Many business owners eventually reach a stage where they want to sell the fruits of their labor and retire or move on to other ventures. Navigating this process can be confusing, stressful, and fraught with pitfalls, especially for first time sellers. Here are the basics of what any successful business owner should know about navigating the sale of their business.

    Knowing your worth is not as easy as looking at your cash-flow statement or EBITDA numbers.  Other items such as recurring revenue, the value of experienced employees, long-term contracts, patents or other intellectual property, customer and vendor lists, and other aspects of the business can add value. Consider obtaining a valuation from a specialized accounting or valuation firm to ensure that your asking price accurately reflects your worth. An experienced attorney will have recommendations for accountants that specialize in business valuations for the sale of a business.
    Get an attorney who regularly works on buying and selling businesses, not the attorney who helped you purchase real estate property or navigate a human resources issue.  Would you let a foot surgeon do your heart surgery? Probably not, you would prefer to have a heart specialist perform your heart surgery. So, let a mergers and acquisitions specialist help you with the sale of your business (“mergers and acquisitions” or “M&A” refers to attorneys who focus on buying and selling businesses).  This is one of the biggest financial decisions of your life. You should have experienced counsel working with you.
    If you have not identified a buyer yet, consider engaging an investment banker or business broker to help connect you with a buyer. But first, ask your attorney if they know an interested buyer. A mergers and acquisitions attorney will know plenty of potential buyers and may be able to directly connect you, saving you the substantial commission that a broker would have charged.

    • If you do engage a business broker, have your attorney review your contract. You simply don’t know what you don’t know. For example, rather than a flat percentage of the sale, brokers will often agree to one percentage fee up to a certain purchase price and a much lower percentage on any purchase price above that threshold.  Another example for broker agreements is the discussion of a “tail.” Often, even after you terminate your contract with the broker, the broker will receive their commission on any sale for a period of time after termination—whether the broker helped on the transaction or not.  At a minimum, your attorney will help you negotiate what is reasonable and comports with market standards.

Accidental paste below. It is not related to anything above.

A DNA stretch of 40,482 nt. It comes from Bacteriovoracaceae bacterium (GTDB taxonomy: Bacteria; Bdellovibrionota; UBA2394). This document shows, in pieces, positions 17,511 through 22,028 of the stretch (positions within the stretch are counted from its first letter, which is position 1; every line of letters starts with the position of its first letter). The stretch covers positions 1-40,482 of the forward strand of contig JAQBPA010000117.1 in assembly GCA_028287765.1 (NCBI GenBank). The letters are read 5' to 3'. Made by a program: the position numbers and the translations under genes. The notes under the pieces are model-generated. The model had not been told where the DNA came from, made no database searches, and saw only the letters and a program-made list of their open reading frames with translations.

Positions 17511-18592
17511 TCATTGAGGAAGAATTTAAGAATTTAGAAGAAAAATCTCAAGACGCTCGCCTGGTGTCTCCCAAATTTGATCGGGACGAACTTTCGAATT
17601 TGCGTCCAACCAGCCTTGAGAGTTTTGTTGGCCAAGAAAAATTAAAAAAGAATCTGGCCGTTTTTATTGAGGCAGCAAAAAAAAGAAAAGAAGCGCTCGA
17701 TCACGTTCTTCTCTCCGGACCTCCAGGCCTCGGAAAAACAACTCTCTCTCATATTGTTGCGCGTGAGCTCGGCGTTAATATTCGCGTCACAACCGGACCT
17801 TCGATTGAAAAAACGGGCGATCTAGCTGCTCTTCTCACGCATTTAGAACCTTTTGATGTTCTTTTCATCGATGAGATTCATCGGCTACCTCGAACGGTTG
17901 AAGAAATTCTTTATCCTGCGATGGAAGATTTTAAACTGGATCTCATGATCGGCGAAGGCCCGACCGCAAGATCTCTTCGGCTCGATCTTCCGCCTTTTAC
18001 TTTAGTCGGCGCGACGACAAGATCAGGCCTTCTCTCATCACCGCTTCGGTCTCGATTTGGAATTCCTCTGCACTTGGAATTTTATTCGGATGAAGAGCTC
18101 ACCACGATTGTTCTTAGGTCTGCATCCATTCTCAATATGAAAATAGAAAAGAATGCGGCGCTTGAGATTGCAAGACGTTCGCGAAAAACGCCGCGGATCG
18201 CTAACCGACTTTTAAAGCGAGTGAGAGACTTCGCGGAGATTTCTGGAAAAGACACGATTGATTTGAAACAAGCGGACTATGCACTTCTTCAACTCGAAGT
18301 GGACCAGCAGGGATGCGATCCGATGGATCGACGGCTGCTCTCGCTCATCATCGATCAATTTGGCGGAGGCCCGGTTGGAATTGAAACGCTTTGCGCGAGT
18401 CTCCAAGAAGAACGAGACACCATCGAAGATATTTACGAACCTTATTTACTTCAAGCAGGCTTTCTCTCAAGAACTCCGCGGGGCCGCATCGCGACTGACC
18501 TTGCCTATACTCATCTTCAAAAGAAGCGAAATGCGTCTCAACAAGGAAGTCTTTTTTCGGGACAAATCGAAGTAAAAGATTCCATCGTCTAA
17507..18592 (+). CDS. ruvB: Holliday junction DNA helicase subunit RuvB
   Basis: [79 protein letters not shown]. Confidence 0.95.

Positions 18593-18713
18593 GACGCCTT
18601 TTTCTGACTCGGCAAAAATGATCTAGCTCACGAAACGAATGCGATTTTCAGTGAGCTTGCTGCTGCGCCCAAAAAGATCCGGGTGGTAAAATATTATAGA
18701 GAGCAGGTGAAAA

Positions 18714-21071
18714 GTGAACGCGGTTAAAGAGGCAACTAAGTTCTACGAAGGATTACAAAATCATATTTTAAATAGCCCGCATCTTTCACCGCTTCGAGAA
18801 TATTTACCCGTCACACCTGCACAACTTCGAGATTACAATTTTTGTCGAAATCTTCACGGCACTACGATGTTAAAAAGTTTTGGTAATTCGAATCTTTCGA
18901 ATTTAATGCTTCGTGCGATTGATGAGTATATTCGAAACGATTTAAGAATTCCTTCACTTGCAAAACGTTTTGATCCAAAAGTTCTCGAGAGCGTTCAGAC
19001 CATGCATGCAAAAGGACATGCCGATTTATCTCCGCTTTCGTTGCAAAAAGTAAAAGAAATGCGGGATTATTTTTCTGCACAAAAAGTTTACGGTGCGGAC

It is imperative that your attorney help you negotiate the Letter of Intent (LOI) because they can help guide you regarding customary terms and options and potentially provide alternatives you have not considered. The inclusion of more terms in the LOI can help decrease the amount of attorney’s fees required for drafting and negotiation later in the deal process. Further, it is advantageous to have as many terms as possible agreed upon in the LOI stage because you will not have to “trade” for those terms later.
    For example, you negotiated the “business terms” for the letter of intent before you engage an experienced attorney. After you have signed the LOI, your attorney tells you it is common to ask for a cap on your liability. However, a cap was not included in the LOI. The buyer might say, “Well that wasn’t in the LOI,” and your attorney will have to argue that it is a prevailing market norm to have a cap. The buyer might eventually agree to a cap, but only if you agree to a change that they want.  The more terms you can cement in the LOI, the less you may have to give in “trades” later.
    Your attorney will work with your tax accountant and the buyer to structure the sale in the most tax-efficient manner.  It is advisable to have this conversation at the LOI stage of the transaction.

At Ferguson Braswell Fraser Kubasta PC, our experienced mergers and acquisitions lawyers are passionate about helping our clients navigate the sale of a business and would be happy to:

  • Review your proposed LOI and give you feedback.
  • Refer someone to help with your business valuation.
  • Connect you with a potential buyer we may know.
  • Negotiate a detailed LOI that minimizes your risk.
  • Structure the transaction in a tax-efficient matter.
  • Confer with our estate-planning attorneys to assure you reach your ultimate financial goals and assist with planning for your future.
  • Involve our real estate specialists, intellectual property attorneys, and employment attorneys to help handle all specialized aspects of your transaction.

This article is legal information and should not be seen as legal advice. You should consult with an attorney before you rely on this information.